Today in New York City there is a definite feeling of fall floating in the air. The gray skies and drizzle accompanied with the cooler temperatures tells me that autumn is right around the corner which means that winter is right behind. I hate winter. All of those people who say they like freezing their tits off make me want to snap. They're always like, "oh, but then you get to wear your sweaters and cute coats." Sorry. Wearing a cute sweater is not enough for me to embrace the frigid bitch known as winter. My point is, that once fall is here there is another season that makes its presence known: catering season. Time to pull the used tuxedo out of the closet and scrape off the honey mustard from the last party, because I will be needing to put that shit on and pass around hor d' ourves too soon. Tis the season for a cater waiter.
Every Thanksgiving, I work for a family in Westchester. Or Long Island. I dunno where it is really, I just get on the train they tell me to and then they pick me up at the station. I have done it for three years and they consider me "part of the family." I guess they are referring to that one family member who stays in the kitchen all day and serves their food, washes their dishes and takes out their garbage. What family member is that anyway? Grandma the Housekeeper maybe? Uncle Charlie the Slave perhaps? Anyhoo, that's me. Last time I was there someone brought their friend for dinner and the guy started making small talk with me in the kitchen. "So how are you? Where do you live? What do you do?" I told him I was an actor and I do catering and stuff and this year I got to work on Thanksgiving. He was all, "you have to work today? That sucks. When? After dinner?" I realized he had no clue I was the hired help. It finally dawned on him when I pulled my apron out of my bag, tied it around my waist and opened up a can of cranberry sauce. He was embarrassed. And didn't talk to "the help" anymore.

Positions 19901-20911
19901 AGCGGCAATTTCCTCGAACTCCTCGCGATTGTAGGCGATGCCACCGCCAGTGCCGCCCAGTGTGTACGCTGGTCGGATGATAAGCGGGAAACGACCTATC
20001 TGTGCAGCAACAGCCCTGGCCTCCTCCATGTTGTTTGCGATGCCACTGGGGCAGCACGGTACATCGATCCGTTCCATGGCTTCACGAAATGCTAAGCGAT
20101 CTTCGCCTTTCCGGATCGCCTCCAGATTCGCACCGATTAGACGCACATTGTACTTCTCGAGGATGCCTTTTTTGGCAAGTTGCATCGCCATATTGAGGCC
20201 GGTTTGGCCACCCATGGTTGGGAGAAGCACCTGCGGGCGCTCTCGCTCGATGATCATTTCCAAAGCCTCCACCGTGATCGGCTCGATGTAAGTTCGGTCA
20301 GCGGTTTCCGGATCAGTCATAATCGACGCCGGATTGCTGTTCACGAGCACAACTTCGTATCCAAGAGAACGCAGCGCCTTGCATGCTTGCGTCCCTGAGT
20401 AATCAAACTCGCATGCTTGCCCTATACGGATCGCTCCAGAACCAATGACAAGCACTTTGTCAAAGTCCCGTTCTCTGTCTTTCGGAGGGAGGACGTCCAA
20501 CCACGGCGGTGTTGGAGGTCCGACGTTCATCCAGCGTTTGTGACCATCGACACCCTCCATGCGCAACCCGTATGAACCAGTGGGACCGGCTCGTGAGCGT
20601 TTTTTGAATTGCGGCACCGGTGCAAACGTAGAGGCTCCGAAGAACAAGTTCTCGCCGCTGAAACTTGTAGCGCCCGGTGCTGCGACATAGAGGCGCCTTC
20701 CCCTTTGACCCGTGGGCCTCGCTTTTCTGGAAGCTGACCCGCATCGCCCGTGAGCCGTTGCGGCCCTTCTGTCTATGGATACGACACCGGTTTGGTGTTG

The year before I was washing all the dishes (by hand, because that's how I roll) when I realized I was familiar with the pattern on the dinnerware. I turned it over and recognized the name of the potter who makes them. It was the same lady that I work for twice a year at the New York International Gift Show when she sells her pieces to stores all over the country. Yes, I had sold these very dishes at one job and here I was washing them at another. It was a perfect circle of subservience. The lady of the house couldn't believe that I knew the lady who had made her dishes. I couldn't believe that the universe had made it so crystal clear that I was having a shitty Thanksgiving. Thirteen more weeks until Turkey Day. Gobble gobble, mother fuckers. Life is funny, isn't it? So fucking funny.
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